And if we frame our understanding under the rubric of communication, then Cantonese and Shanghainese is the same language; just spoken differently.
     
  11. Mr. Tadashi
    Quote:

    Originally Posted by fatko /img/forum/go_quote.gif
    what do you know how many character you can recognize? by test? [​IMG]



    When I studied Japanese in High School I had to learn to read about 200 charters and write them.(I also took a language proficiency test) Well over time I managed to improve my speaking ability in Japanese but, since I rarely ever write anything my writing ability in Japanese has gone down hill. Aside from that I managed to pick up a lot on the trips I took to Japan.
     
  12. chesebert
    Quote:

    Originally Posted by RYCeT /img/forum/go_quote.gif
    So in this case will you say Japanese is one of Mandarin dialect. It's the same case as cantonese. If you do want to learn, find someone from hongkong and ask him to say 'how are you?' in mandarin and cantonese. You will hear different language completely but if you're happy trolling, you've made your point.



    NO. even in their written form, they are different; more specifically, the meaning of the words are different, the sentence structures are different, and most importantly the ways their are communicated are different. Same character, like the same letter, does not equate the same language. The nexus of language is communication; can you communicate?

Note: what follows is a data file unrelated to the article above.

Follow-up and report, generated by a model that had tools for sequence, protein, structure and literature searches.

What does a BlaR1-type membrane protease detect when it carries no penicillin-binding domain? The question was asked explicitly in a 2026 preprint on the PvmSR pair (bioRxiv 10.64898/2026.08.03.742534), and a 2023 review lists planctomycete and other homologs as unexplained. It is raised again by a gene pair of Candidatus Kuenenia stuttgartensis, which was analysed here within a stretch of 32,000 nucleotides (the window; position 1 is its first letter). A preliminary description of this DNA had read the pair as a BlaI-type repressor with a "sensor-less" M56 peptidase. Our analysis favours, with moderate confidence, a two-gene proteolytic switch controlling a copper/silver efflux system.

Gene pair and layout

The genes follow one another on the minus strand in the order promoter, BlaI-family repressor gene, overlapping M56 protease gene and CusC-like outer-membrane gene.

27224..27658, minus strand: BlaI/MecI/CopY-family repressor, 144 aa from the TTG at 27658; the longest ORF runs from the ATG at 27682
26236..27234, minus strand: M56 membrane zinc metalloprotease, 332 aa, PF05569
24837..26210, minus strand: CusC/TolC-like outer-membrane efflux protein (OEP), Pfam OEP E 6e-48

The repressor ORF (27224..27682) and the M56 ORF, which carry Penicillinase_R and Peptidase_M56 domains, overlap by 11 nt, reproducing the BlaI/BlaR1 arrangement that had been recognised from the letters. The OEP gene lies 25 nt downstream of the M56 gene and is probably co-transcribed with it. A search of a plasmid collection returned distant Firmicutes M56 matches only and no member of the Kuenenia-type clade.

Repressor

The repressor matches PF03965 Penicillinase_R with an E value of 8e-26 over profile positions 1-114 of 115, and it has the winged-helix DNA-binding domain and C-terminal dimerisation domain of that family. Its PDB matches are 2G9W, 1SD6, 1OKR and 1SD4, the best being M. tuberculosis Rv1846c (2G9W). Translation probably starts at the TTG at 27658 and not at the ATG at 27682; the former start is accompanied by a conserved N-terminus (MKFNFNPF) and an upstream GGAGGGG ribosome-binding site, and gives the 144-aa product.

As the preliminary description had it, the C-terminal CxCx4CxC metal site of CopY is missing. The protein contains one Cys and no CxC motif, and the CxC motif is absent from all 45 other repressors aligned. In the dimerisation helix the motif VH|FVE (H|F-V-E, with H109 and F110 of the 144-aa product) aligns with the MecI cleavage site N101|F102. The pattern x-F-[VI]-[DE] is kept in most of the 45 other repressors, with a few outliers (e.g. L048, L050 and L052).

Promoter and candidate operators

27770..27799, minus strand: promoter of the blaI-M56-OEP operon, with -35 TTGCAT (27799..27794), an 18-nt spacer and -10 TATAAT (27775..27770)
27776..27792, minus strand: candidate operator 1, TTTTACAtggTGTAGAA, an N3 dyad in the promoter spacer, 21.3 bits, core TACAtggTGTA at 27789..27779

13. fatko
    Quote:

    Originally Posted by chesebert /img/forum/go_quote.gif
    So what's the purpose of language? to communicate, to say it simply.

    So the question is can a person speaking 'Cantonese' communciate with a person speaking 'Shanghainese'?

    Well, your natural answer is no, because they sound different and they can't understand, therefore they are different languages. However, communicate is not only relegated to oral/spoken; what if one person wrote down what he said? well that changes everything; now the person speaking Shanghainese can understand the Cantonese speaker perfectly.